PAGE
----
4.9 Traversal [ToC] [Index]     [Skip Back] [Skip Fwd]     [Prev] [Up] [Next]

After we've been manipulating a binary search tree for a while, we will want to know what items are in it. The process of enumerating the items in a binary search tree is called traversal (see traversal). libavl provides the bst_t_* functions for a particular kind of traversal called inorder traversal (see inorder traversal), so-called because items are enumerated in sorted order.

In this section we'll implement three algorithms for traversal. Each of these algorithms is based on and in some way improves upon the previous algorithm. The final implementation is the one used in libavl, so we will implement all of the bst_t_* functions for it.

Before we start looking at particular algorithms, let's consider some criteria for evaluating traversal algorithms. The following are not the only criteria that could be used, but they are indeed important:1

Is it difficult to describe or to correctly implement the algorithm? Complex algorithms also tend to take more code than simple ones.
Does the algorithm make good use of time and memory? The ideal traversal algorithm would require time proportional to the number of nodes traversed and a constant amount of space. In this chapter we will meet this ideal time criterion and come close on the space criterion for the average case. In future chapters we will be able to do better even in the worst case.
Is it easy to integrate the traversal functions into other code? Callback functions are not as easy to use as other methods that can be used from for loops (see Improving Convenience).
Are there pathological cases where the algorithm breaks down? If so, is it possible to fix these problems using additional time or space?
Does the algorithm only allow iteration in a single direction? Can we begin traversal at an arbitrary node, or just at the least or greatest node?
If the tree is modified during a traversal, is it possible to continue traversal, or does the modification invalidate the traverser?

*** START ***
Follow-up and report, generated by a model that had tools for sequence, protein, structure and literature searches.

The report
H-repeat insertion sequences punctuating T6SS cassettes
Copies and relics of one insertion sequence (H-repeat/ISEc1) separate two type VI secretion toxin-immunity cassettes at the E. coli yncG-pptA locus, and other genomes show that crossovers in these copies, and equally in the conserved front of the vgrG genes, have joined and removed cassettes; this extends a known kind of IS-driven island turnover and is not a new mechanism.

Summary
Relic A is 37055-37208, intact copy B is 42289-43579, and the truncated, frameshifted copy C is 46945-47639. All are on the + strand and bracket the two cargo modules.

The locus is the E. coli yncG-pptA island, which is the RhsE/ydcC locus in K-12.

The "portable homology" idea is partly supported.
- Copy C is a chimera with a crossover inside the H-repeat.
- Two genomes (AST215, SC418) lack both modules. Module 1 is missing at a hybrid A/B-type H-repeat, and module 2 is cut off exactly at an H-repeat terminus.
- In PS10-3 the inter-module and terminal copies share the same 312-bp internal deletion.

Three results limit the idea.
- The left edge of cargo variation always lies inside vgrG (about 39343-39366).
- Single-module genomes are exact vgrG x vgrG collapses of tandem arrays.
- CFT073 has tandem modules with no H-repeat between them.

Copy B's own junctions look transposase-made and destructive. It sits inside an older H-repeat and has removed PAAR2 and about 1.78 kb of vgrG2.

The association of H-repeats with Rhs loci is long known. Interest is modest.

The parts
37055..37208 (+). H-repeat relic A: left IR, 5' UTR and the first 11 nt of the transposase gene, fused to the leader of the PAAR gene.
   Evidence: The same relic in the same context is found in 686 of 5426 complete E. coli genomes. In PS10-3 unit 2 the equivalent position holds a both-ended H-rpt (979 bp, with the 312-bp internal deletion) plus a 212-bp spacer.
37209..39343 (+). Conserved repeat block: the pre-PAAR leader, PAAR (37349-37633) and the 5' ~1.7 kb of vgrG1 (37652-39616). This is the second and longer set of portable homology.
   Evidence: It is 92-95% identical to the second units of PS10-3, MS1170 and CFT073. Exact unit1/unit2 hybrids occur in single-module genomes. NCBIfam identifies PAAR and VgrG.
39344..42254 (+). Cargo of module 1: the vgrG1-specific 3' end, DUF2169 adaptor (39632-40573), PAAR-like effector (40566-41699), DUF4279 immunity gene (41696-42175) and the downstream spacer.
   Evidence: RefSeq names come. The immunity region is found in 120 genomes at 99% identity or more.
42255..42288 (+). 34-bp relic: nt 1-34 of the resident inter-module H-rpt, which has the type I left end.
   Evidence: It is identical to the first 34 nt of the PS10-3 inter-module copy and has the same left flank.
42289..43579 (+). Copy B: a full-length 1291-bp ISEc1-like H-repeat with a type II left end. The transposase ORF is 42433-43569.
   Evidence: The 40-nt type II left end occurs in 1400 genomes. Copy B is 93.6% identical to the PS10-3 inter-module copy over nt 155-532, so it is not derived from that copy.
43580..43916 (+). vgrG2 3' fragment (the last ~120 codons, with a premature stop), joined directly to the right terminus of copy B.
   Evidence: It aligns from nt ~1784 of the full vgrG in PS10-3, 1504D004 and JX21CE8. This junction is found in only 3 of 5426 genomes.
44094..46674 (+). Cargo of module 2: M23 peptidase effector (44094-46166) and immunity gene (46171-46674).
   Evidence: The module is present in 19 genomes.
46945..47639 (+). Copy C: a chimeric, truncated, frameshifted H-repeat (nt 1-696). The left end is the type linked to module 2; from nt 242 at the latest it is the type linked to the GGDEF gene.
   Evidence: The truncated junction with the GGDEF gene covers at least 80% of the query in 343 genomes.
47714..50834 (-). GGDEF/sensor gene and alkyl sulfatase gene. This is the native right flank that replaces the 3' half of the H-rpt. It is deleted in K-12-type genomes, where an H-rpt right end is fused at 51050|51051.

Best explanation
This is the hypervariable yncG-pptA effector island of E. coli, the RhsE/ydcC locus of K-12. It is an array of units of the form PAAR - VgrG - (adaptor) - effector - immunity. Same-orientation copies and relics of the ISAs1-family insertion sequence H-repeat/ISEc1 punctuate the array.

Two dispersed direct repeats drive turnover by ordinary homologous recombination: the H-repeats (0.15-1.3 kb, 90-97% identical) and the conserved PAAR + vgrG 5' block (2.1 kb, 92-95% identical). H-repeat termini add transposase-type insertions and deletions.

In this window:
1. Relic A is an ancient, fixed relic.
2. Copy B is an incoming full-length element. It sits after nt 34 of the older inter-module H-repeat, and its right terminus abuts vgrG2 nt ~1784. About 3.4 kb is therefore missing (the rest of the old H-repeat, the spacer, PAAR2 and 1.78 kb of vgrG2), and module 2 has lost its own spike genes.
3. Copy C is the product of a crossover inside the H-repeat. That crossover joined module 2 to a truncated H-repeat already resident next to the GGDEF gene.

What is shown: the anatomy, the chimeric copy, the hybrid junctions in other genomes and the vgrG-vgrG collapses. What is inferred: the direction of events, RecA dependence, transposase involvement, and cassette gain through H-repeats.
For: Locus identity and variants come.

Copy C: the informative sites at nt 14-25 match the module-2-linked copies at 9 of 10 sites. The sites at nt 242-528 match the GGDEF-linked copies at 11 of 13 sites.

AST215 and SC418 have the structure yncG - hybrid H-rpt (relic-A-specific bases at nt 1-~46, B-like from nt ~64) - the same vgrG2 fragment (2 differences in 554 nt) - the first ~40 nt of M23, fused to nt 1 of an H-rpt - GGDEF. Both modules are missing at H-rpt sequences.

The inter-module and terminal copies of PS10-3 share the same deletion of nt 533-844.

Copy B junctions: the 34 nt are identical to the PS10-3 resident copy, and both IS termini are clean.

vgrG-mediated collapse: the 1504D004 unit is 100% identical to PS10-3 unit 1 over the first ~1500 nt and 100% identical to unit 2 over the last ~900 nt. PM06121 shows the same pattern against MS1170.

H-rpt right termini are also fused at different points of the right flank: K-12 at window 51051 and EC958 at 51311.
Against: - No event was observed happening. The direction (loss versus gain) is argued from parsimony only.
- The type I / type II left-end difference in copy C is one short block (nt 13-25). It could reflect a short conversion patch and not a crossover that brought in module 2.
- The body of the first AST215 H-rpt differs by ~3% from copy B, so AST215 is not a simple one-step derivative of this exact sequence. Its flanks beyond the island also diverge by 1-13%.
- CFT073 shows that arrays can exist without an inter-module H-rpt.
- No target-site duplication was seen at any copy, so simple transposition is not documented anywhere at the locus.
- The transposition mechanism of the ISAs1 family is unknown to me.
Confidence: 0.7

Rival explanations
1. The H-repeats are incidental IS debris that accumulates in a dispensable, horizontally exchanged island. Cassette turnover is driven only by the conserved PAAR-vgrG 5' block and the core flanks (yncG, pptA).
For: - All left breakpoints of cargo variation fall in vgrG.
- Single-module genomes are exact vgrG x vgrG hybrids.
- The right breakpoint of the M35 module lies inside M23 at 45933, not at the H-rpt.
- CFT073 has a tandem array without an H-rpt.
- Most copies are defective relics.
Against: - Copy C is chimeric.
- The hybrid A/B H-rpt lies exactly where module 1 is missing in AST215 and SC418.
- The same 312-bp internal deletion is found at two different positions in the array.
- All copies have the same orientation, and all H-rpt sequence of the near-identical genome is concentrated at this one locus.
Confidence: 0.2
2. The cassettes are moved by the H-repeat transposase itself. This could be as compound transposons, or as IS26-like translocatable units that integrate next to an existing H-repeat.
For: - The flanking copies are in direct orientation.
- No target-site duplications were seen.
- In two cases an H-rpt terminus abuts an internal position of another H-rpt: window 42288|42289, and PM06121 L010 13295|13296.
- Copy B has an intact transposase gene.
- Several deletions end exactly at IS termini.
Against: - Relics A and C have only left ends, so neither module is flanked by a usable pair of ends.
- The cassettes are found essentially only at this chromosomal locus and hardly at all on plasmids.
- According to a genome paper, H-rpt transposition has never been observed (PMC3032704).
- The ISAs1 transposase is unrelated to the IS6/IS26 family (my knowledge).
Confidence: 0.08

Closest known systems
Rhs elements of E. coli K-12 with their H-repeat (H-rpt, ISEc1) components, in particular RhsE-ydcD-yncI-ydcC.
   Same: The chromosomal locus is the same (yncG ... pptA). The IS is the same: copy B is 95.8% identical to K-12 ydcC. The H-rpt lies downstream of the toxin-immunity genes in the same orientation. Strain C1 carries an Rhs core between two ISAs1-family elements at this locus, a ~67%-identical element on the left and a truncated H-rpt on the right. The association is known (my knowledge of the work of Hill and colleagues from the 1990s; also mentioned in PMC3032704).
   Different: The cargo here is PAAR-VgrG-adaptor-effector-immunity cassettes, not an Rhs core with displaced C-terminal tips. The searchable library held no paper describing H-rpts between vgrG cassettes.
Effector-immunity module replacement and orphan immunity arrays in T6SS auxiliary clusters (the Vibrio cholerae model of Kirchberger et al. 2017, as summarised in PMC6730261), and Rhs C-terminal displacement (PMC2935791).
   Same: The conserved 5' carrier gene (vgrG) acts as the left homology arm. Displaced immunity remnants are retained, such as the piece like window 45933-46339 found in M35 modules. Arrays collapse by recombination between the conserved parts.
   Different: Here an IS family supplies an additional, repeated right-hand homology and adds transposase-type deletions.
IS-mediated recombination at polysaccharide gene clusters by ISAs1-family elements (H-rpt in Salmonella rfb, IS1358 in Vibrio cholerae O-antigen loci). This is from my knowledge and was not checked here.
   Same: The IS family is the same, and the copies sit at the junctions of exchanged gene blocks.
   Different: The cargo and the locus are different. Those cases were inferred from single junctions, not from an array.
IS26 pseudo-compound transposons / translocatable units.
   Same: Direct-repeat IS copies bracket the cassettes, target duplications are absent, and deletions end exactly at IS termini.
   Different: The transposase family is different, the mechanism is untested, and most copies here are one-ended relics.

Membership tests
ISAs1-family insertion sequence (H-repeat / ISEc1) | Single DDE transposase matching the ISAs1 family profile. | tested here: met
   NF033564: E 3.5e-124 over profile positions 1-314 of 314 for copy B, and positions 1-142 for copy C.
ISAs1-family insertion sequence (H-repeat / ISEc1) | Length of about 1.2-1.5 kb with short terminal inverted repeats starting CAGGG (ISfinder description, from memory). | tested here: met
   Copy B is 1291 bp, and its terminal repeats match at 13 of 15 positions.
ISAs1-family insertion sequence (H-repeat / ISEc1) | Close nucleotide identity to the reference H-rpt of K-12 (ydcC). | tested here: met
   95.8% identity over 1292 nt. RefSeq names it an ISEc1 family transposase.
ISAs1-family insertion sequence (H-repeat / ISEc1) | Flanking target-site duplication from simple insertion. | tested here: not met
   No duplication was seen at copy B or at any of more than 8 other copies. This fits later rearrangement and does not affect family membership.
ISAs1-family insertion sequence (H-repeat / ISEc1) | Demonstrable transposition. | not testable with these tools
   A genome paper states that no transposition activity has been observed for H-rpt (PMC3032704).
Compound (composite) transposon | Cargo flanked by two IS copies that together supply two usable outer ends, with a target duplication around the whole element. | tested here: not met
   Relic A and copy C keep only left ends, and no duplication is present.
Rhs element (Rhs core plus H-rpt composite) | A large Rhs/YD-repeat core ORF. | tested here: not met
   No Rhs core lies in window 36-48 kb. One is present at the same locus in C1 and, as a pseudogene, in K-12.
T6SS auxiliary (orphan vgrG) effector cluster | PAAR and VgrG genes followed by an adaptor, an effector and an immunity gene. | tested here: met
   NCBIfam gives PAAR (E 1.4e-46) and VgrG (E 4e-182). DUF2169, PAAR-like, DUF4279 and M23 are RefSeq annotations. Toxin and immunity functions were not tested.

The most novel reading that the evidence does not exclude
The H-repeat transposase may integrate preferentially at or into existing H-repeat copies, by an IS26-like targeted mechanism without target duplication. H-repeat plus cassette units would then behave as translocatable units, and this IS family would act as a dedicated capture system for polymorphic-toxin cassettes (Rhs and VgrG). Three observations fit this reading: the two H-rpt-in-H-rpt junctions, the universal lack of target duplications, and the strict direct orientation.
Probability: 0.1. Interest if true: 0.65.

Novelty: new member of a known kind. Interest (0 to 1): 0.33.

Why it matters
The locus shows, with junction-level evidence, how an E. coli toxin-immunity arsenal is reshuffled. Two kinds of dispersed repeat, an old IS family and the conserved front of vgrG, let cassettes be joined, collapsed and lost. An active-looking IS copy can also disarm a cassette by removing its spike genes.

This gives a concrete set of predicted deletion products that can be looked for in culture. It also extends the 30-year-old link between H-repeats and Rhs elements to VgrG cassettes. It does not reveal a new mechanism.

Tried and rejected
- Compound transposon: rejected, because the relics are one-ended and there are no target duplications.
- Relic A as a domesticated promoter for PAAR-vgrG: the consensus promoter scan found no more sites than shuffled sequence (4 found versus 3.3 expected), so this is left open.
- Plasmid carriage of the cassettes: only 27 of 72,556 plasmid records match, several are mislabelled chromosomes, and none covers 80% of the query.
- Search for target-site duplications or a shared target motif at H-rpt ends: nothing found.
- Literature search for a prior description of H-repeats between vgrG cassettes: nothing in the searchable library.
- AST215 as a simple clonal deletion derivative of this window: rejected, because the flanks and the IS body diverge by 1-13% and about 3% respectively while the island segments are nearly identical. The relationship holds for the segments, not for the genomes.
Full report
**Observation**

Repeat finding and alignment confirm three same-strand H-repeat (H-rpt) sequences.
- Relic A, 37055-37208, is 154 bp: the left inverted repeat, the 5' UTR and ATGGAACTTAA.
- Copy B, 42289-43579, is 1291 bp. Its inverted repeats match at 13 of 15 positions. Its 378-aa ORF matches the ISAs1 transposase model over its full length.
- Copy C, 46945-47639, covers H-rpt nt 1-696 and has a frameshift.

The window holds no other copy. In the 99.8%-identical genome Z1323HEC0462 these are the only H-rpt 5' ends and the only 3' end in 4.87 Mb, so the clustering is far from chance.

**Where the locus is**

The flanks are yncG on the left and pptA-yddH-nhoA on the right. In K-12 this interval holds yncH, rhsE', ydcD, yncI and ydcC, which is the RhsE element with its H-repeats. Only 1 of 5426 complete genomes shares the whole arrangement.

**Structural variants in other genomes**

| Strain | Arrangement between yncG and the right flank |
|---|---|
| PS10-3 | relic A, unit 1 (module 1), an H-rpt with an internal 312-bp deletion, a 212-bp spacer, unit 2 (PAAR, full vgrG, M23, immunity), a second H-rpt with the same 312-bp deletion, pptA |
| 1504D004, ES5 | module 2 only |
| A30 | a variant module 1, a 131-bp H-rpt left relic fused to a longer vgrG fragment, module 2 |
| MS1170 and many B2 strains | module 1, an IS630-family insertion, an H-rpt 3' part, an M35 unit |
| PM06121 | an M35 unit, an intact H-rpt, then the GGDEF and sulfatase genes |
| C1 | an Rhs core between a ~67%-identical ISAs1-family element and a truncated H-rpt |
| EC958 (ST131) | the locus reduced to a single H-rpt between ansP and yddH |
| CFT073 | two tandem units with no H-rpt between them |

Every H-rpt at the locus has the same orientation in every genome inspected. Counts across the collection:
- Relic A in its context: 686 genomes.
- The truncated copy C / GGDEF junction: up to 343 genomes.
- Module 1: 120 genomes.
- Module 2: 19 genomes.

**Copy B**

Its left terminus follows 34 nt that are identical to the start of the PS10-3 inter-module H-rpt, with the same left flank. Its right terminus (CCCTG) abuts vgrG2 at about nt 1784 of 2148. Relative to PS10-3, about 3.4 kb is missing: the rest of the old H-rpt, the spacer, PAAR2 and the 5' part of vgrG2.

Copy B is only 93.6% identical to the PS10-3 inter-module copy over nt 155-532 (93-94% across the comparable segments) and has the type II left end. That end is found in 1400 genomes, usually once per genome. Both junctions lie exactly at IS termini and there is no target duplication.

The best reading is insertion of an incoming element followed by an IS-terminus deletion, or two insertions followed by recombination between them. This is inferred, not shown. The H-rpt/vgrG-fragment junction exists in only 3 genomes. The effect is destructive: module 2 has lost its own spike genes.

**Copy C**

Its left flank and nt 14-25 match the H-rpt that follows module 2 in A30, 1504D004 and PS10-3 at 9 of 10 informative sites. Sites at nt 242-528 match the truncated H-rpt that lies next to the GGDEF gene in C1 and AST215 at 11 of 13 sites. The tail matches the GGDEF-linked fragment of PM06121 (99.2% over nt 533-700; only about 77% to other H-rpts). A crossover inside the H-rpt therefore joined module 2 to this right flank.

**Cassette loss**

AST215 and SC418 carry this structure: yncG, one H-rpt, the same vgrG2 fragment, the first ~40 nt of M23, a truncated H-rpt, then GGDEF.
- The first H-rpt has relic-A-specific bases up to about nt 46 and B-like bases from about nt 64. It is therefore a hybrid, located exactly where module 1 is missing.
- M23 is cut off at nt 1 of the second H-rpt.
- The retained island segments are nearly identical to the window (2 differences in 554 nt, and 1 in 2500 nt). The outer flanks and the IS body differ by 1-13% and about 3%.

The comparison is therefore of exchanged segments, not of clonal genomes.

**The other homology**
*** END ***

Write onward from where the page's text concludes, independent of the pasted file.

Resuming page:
The first algorithm we will consider uses recursion. This algorithm is worthwhile primarily for its simplicity. In C, such an algorithm cannot be made as efficient, convenient, or general as other algorithms without unacceptable compromises. It is possible to make it both reliable and resilient, but we won't bother because of its other drawbacks.

We arrive at our second algorithm through a literal transformation of the recursion in the first algorithm into iteration. The use of iteration lets us improve the algorithm's memory efficiency, and, on many machines, its time efficiency as well. The iterative algorithm also lets us improve the convenience of using the traverser. We could also add reliability and resilience to an implementation of this algorithm, but we'll save that for later. The only problem with this algorithm, in fact, lies in its generality: it works best for moving only in one direction and starting from the least or greatest node.

The importance of generality is what draws us to the third algorithm. This algorithm is based on ideas from the previous iterative algorithm along with some simple observations. This algorithm is no more complex than the previous one, but it is more general, allowing easily for iteration in either direction starting anywhere in the tree. This is the algorithm used in libavl, so we build an efficient, convenient, reliable, general, resilient implementation.


[1] Some of these terms are not generic BST vocabulary. Rather, they have been adopted for these particular uses in this text. You can consider the above to be our working definitions of these terms.